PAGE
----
Of Teacher Strikes, Inigo Montoya, and Claims of ‘Justice’

In response to my various scribblings on the teacher strikes, as you might imagine, I’ve received lots of feedback. While there are a range of opinions, one common view holds that my cold-blooded musings on things like staffing levels, pensions, and health-care costs miss the larger moral point. As one writer put it, “This isn’t about any of those things, this is about justice.” Indeed, I’ve noticed that “justice” has become rather a motif in this correspondence.

This reflects an intriguing notion of “justice.” Indeed, I can’t help but picture Inigo Montoya wearily remarking: “You keep using that word. I do not think it means what you think it means.”  Now, let’s be clear. As I’ve written time and again, I think teachers in places like West Virginia, Oklahoma, and Arizona have a point. I think average teacher pay should be higher, that pay for terrific teachers should be much higher, and that the states in question should be spending more on their schools. So, I’m supportive of the central claim that these teachers deserve a substantial boost in pay.

That said, I’m puzzled by claims that calls for raises and related demands advance the cause of “justice.” Rather, I see them as a matter of sensible, self-interested public policy. Indeed, I’m not sure what “justice” calls for in these disputes. Does “justice” require that teachers make $52,000 a year? $56,500? $66,000? $96,000? (And should a state’s cost of living factor into that determination?) Does “justice” dictate an alteration in the state’s capital gains tax and added staff for state agencies, per Oklahoma’s teachers? Does it demand rejecting plans to shift future teachers to a hybrid retirement plan, per Kentucky’s? To say such things is to do fundamental violence to any serious notion of “justice.”

But that’s because I don’t think the teachers in question really intend to talk about “justice.” What they really mean, I suspect, is that they’d like to see states spend more and adopt preferred policies. So, when they speak of “justice,” what they’re actually trying to do is to lend their demands a compelling moral claim. And, while I get that, I think it highlights an unfortunate pathology in the public square today. Moral claims are, by their very nature, dismissive of competing claims or complexity.

Moreover, the funny thing about moral claims is how they proliferate in response to one another. There are plenty of taxpayers, for instance, who see themselves as having a “just” moral claim to the money they have earned. They see taxation beyond the most incontrovertibly essential as an “unjust” expansion of government. And there are state and local employees other than teachers—such as police, firefighters, road maintenance workers, sanitation employees, librarians, and bridge inspectors—who see themselves as providing critical public functions. If they see their funding being cut in order to boost K-12 spending, they, too, can regard their compensation as a matter of “justice”—and start shutting down fire departments, libraries, and bridges until they decide “justice” has been done.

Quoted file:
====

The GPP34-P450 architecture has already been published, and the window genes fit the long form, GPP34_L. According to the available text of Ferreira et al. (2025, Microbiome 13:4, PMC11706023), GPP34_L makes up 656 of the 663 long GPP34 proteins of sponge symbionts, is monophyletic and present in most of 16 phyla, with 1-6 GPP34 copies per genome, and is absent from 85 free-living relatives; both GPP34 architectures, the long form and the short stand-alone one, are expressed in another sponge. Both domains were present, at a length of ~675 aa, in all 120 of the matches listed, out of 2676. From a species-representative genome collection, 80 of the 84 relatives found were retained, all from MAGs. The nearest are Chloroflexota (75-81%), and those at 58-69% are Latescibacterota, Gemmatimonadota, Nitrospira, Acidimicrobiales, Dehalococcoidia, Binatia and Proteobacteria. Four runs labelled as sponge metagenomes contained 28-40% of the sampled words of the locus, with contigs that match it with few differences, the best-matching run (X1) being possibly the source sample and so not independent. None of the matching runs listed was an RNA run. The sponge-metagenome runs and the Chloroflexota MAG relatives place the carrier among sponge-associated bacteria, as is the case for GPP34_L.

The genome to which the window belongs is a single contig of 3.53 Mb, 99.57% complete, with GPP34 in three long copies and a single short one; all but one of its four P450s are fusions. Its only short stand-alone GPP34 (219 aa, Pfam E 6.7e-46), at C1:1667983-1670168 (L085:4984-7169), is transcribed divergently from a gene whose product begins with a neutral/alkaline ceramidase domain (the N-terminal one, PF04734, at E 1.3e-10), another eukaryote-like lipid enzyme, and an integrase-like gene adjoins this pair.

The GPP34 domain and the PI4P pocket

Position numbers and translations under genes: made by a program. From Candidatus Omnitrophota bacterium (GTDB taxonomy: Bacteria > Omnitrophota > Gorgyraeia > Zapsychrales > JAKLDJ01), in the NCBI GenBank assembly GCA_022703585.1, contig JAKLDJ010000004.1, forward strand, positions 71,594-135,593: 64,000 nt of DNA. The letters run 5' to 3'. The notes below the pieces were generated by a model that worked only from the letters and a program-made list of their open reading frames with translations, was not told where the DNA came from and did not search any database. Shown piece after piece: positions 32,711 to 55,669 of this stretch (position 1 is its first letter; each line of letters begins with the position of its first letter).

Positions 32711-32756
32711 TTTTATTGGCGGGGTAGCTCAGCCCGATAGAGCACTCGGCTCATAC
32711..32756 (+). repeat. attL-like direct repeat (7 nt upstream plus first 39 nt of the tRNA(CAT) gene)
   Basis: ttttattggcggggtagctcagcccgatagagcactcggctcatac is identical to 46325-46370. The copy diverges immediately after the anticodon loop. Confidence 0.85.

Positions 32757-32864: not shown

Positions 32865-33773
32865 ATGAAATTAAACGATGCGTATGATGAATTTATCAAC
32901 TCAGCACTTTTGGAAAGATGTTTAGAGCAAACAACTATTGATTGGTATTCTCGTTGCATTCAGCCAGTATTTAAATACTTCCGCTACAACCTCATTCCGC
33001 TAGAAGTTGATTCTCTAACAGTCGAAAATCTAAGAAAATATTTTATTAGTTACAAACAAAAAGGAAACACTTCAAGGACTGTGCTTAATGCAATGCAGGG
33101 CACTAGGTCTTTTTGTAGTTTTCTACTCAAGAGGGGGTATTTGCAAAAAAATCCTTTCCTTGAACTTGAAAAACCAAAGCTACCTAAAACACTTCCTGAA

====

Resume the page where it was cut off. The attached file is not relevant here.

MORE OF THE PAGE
Indeed, when everyone starts hitching their competing agendas to the siren call of “justice,” public decisions morph into a carnival of clashing absolutes. This makes it harder to find common ground, because that requires compromising on principle rather than on preferences. It fuels polarization and mutual contempt, as we gnash our teeth at those who don’t comprehend our sense of what is “just.” Oddly enough, it can hurt the cause by creating bitter stand-offs where sensible compromise is otherwise wholly within reach.

What makes things so peculiar in this instance is that teachers have a compelling kitchen-table claim: They’d like to be better-paid. And they have a strong, appealing case. It’s easy to argue that teachers are underpaid and also that students and communities are better off when teacher pay is high enough to attract and retain talented professionals. This is why teachers have garnered so much support from parents, taxpayers, and policymakers. Why some think that isn’t enough—and seemingly yearn to transform this winning case into a divisive crusade—offers a revealing window into our times.

— Frederick Hess

Frederick Hess is director of education policy studies at AEI and an executive editor at Education Next.

This post originally appeared in Rick Hess Straight Up.

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